“Government, through RBZ should participate, like any other economic agents on the interbank market, and desist from surrender requirements policy, as this is taking the biggest chunk of the foreign currency. This recommendation was made in view of the fact that, currently, Government has capacity to pay for its foreign currency requirements at the prevailing interbank rate from its tax and non-tax revenue collections, evidenced by the fiscal surpluses recorded since October 2018,” said a source who requested not to be named.

Apart from that, the technical committees said government and RBZ should continue tightening of fiscal and monetary policies as way of sucking out liquidity from the economy in a holistic approach. Such stance will assist in dealing with price increases, hence getting rid of policy maker’s fears of persistent price hikes as well as ensuring sustainability of the interbank operations.

Furthermore, the need to establish a technical working team made up of RBZ, CZI, Chamber of Mines and Bankers Association of Zimbabwe to review the interbank market and come up with ways to make the foreign exchange interbank market functional was mentioned.

Subsequent to the meeting, CZI convened the first meeting of the technical working team on Tuesday at CZI offices. The meeting was attended by CZI, RBZ,  RBZ treasurers, as well as the Chamber of Mines.

The meeting unanimously agreed there is suppressed foreign currency liquidity on the interbank market. Generators of foreign currency are not motivated to trade at the interbank market because of the unattractive rate hence supply is constrained. In effect buyers and sellers of foreign currency are not willing to meet at the interbank market because of the prevailing rates being quoted.

“It was also noted that the Reserve Bank, through its surrender requirements is taking almost 50 percent of the available foreign currency, hence, impacting negatively volumes of foreign currency liquidity available to trade at the interbank market. This leaves the rest of the productive sector of the economy competing for the 50 percent remainder. However, the entire 50 percent remainder is also not trading on the interbank market, as the foreign currency generators need amounts of about 40-45 percent of their foreign currency to meet their import requirements,” said an insider who requested not to be named.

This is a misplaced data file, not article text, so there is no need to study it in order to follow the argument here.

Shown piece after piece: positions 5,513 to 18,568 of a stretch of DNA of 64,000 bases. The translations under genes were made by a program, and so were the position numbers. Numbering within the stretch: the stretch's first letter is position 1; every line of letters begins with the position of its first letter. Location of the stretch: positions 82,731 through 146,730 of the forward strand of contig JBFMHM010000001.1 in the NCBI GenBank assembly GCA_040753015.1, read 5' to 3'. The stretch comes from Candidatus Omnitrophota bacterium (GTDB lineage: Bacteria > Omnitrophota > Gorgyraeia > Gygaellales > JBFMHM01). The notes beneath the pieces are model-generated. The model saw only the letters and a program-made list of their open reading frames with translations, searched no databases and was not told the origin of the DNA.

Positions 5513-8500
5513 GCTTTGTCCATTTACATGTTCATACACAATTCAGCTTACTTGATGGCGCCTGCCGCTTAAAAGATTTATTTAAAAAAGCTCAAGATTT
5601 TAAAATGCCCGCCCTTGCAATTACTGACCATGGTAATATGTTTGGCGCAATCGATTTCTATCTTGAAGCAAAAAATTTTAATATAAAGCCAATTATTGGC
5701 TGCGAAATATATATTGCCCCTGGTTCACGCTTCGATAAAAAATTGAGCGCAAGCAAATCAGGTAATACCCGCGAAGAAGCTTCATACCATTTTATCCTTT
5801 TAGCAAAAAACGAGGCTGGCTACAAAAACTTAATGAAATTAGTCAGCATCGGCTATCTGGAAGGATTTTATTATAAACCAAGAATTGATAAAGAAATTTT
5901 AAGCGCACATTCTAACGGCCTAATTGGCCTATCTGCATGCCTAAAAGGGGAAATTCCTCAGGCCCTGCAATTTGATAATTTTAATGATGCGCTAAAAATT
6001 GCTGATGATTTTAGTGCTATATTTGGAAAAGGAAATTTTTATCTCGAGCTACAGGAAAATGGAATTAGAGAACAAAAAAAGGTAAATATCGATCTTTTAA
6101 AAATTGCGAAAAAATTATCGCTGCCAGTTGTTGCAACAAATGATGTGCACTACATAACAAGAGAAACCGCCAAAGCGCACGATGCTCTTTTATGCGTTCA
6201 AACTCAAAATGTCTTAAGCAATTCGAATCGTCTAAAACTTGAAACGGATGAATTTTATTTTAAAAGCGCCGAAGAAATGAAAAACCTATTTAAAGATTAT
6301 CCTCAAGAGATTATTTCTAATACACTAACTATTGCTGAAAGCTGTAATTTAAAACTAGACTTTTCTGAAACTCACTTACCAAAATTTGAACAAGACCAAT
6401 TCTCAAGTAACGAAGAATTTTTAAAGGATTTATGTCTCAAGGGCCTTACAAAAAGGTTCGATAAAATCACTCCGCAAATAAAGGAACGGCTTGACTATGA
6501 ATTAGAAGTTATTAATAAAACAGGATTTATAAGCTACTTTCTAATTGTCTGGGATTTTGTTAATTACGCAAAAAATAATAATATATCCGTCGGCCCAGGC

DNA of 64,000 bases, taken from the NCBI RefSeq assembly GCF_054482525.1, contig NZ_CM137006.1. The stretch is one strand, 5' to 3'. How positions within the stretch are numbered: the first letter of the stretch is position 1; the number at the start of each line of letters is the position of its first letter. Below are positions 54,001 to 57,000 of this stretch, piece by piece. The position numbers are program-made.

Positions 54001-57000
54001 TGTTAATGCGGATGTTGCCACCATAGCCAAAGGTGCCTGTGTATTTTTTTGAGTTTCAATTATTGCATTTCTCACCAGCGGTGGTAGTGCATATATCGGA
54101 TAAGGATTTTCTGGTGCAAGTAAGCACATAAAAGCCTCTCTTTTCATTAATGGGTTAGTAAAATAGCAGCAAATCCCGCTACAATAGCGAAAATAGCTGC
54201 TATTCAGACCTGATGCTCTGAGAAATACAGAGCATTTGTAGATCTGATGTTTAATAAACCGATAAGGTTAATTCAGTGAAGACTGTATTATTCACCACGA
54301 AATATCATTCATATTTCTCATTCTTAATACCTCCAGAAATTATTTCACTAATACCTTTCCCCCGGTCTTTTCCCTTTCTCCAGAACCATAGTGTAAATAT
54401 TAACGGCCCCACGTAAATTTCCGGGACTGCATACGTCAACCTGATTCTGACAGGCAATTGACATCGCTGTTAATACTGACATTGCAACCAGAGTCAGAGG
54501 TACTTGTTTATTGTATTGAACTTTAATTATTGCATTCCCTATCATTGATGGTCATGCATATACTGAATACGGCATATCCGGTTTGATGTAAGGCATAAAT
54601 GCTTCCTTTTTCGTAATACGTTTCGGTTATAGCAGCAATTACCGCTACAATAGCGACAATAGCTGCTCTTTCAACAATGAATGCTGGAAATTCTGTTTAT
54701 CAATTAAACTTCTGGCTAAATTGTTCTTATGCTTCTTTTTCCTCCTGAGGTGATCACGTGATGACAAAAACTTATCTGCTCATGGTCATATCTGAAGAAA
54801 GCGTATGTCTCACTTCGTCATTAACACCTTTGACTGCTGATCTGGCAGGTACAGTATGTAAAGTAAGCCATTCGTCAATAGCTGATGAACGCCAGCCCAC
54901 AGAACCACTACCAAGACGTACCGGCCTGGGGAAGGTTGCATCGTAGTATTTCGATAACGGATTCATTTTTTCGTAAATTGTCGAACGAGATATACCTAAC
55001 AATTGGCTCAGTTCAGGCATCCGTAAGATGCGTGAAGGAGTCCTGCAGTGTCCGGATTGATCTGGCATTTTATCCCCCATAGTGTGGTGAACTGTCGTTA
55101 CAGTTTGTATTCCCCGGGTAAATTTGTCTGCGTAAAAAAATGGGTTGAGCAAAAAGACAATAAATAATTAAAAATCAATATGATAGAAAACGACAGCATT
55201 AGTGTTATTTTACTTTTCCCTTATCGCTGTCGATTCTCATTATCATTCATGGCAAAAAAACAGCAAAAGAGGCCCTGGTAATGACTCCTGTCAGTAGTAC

Economic analyst Eddie Cross told Business Times that an overhaul of the interbank market is the best way forward to ensure market credibility.

“This is the best way because at the moment the rate is being driven by the informal sector and once there is convergence of the rate that will see more people bringing in resources.

“This move is definitely going to ensure market credibility with less involvement of government on the interbank market,” said Cross.

Confederation of Zimbabwe Industries (CZI) president Sifelani Jabangwe said a complete overhaul of the forex interbank system is long overdue.

“We need government to do the complete overhaul of the interbank system so that it can be effective. We have for a long time advocated for the review of the system and there is need for government to leave the rate to float on a willing buyer willing seller basis.

“Private players should just take the lead in the system, only government interference will be to inject more forex if there are shortages,” said Jabangwe.

The meetings also come at a time Finance minister Mthuli Ncube has projected the economy to flat-line due to a drought which ravaged most parts of the country and Cyclone Idai which damaged the eastern parts of the country, killing 500 people.

“Because of the impact of the drought; Cyclone Idai and power shortages we are now experiencing in the country, we expect a flat economic growth,” Ncube told Parliament yesterday (Wednesday).